Lyssavirus infection has a near 100 % case fatality rate following the onset of clinical disease, and current rabies vaccines confer protection against all reported phylogroup I lyssaviruses. However, there is little or no protection against more divergent lyssaviruses and so investigation into epitopes within the glycoprotein (G) that dictate a neutralizing response against divergent lyssaviruses is warranted. Importantly, the facilities required to work with these pathogens, including wild-type and mutated forms of different lyssaviruses, are scarcely available and, as such, this type of study is inherently difficult to perform. The relevance of proposed immunogenic antigenic sites within the lyssavirus glycoprotein was assessed by swapping sites between phylogroup-I and -II glycoproteins. Demonstrable intra- but limited inter-phylogroup cross-neutralization was observed. Pseudotype viruses (PTVs) presenting a phylogroup-I glycoprotein containing phylogroup-II antigenic sites (I, II III or IV) were neutralized by antibodies raised against phylogroup-II PTV with the site II (IIb, aa 34-42 and IIa, aa 198-200)-swapped PTVs being efficiently neutralized, whilst site IV-swapped PTV was poorly neutralized. Specific antibodies raised against PTV-containing antigenic site swaps between phylogroup-I and -II glycoproteins neutralized phylogroup-I PTVs efficiently, indicating an immunodominance of antigenic site II. Live lyssaviruses containing antigenic site-swapped glycoproteins were generated and indicated that specific residues within the lyssavirus glycoprotein dictate functionality and enable differential neutralizing antibody responses to lyssaviruses.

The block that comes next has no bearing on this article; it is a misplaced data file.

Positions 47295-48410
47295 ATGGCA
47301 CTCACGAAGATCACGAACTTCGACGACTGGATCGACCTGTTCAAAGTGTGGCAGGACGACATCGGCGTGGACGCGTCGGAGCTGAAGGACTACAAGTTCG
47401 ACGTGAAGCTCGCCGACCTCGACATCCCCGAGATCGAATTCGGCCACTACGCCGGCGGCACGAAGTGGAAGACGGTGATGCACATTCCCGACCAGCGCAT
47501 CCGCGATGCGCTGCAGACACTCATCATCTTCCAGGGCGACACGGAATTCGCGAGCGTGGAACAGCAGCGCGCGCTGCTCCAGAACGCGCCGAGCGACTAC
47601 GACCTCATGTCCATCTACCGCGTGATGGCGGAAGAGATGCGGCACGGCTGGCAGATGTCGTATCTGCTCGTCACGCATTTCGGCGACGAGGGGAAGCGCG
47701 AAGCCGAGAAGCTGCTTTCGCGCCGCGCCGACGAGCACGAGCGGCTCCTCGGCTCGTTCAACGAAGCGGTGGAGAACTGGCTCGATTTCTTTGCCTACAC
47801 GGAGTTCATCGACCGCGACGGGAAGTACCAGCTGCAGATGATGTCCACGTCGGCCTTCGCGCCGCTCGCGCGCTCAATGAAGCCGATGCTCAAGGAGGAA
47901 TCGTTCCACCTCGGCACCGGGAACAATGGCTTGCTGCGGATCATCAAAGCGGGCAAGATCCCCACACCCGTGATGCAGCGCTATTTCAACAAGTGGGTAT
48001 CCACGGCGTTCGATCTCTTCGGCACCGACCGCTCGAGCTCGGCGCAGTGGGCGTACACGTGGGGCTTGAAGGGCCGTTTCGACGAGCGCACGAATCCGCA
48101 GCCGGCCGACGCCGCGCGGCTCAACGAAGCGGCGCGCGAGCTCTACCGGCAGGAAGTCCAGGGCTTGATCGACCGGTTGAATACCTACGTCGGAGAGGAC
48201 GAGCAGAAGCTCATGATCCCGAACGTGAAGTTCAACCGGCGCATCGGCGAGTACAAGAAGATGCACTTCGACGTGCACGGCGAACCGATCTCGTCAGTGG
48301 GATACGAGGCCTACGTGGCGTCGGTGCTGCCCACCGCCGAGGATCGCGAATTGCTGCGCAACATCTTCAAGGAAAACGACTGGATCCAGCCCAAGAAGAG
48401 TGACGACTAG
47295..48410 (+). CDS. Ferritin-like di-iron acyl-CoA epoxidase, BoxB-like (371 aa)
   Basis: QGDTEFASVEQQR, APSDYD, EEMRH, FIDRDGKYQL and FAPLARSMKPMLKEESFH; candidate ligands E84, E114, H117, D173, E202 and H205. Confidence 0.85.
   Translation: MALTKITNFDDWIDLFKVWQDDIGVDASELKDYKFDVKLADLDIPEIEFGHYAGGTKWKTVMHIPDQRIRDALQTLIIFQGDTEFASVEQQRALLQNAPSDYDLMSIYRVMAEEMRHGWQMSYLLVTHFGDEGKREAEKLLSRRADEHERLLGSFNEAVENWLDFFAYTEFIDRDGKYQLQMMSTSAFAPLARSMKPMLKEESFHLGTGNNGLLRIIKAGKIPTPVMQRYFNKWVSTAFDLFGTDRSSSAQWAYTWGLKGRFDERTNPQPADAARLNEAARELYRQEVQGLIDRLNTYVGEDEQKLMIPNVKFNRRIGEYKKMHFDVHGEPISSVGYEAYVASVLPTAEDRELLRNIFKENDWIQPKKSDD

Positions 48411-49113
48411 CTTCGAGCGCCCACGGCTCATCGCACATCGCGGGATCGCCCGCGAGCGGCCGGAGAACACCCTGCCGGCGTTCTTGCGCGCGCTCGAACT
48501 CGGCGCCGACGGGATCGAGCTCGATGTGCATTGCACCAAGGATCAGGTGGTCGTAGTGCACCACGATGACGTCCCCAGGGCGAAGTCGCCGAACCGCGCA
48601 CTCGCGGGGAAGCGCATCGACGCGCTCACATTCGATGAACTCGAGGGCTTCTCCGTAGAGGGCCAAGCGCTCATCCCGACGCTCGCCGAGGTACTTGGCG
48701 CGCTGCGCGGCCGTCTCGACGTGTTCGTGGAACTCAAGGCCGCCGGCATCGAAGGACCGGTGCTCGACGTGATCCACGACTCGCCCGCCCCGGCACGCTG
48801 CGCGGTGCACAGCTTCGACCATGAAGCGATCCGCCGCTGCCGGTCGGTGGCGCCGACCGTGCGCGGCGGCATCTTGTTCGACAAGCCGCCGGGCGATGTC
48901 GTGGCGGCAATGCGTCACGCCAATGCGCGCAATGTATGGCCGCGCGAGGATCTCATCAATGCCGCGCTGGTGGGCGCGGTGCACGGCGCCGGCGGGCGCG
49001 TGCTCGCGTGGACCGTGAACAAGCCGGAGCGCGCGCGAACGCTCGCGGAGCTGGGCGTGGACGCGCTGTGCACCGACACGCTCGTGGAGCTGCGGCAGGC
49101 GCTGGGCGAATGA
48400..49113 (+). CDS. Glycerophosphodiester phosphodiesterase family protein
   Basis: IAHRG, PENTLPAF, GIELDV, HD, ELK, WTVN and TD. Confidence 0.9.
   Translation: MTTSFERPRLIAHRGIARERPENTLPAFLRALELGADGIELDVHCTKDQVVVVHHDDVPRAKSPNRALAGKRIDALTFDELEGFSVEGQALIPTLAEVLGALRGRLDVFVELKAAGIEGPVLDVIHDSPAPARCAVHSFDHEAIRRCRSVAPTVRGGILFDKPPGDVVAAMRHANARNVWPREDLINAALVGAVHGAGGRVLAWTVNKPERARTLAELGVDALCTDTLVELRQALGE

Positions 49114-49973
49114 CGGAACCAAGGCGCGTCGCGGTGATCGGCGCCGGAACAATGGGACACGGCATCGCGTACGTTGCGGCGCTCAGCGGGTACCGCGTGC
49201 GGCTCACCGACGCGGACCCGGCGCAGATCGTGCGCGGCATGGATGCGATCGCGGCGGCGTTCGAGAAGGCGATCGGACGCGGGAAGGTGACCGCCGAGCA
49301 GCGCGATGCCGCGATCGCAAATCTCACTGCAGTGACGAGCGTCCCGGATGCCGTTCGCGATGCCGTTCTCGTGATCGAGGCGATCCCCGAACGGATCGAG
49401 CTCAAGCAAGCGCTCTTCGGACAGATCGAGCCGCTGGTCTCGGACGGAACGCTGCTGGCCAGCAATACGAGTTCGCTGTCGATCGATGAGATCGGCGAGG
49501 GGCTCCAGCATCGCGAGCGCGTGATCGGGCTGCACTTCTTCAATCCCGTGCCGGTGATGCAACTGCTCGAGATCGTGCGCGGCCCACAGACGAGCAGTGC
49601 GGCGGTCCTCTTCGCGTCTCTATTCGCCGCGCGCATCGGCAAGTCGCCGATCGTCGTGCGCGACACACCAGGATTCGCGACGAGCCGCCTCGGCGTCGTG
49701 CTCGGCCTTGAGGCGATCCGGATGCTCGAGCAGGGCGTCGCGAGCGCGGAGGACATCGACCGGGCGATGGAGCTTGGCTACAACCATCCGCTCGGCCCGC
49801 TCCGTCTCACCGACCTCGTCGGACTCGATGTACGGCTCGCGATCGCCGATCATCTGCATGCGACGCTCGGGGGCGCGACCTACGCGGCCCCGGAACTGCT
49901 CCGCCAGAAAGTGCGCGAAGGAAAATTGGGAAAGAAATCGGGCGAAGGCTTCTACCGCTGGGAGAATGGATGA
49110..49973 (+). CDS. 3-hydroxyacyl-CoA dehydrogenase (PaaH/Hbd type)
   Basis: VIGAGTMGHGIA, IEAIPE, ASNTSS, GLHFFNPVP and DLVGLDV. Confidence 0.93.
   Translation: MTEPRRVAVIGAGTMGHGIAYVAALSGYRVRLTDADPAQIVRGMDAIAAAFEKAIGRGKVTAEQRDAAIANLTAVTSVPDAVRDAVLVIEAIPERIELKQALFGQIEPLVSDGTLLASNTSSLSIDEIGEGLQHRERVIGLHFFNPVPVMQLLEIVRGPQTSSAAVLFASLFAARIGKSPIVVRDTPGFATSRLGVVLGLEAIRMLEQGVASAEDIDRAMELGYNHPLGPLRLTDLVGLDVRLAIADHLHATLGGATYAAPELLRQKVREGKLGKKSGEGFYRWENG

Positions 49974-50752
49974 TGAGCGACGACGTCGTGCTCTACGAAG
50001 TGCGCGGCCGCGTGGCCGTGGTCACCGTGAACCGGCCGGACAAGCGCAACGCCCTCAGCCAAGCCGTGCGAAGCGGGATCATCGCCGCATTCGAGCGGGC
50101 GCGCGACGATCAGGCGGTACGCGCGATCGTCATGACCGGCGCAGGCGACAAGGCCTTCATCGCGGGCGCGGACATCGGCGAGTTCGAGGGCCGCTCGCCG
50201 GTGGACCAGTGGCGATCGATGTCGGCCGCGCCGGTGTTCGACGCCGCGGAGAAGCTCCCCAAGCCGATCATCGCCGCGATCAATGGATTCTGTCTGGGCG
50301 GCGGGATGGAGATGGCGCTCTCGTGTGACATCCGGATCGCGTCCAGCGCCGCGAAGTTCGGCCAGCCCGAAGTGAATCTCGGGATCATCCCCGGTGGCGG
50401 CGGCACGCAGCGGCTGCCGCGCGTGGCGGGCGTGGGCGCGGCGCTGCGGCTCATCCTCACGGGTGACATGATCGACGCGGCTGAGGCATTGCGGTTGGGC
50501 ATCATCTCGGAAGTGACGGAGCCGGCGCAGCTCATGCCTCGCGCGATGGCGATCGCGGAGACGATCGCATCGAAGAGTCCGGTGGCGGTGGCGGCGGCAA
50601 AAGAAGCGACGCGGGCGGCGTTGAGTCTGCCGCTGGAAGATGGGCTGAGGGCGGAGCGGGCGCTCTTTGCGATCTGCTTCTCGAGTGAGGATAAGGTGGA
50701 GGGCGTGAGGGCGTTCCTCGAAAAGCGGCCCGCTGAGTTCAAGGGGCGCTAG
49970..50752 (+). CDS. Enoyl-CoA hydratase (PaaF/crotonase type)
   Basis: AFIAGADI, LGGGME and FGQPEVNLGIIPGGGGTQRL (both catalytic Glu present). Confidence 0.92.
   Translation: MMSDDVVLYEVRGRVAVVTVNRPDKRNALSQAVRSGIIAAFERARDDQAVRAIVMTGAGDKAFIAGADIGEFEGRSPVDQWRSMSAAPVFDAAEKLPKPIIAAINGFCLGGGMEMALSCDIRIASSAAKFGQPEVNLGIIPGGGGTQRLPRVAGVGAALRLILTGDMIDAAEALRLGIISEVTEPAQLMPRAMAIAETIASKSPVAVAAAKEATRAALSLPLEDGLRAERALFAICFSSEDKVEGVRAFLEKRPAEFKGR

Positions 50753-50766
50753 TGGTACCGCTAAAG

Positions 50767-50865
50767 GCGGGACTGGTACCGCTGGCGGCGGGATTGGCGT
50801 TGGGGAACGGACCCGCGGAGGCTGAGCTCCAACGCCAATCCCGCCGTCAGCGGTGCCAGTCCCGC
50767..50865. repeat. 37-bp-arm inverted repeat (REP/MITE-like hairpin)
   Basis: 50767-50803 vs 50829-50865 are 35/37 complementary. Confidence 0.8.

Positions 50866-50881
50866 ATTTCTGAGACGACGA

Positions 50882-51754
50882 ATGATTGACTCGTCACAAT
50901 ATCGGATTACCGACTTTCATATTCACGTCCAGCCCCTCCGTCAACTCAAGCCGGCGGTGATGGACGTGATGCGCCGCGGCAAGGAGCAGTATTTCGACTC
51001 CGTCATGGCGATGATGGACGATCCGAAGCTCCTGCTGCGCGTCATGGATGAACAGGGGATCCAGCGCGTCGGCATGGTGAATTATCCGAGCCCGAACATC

Keywords: antigenic; lyssavirus; neutralising antibody; rabies; vaccine; virus.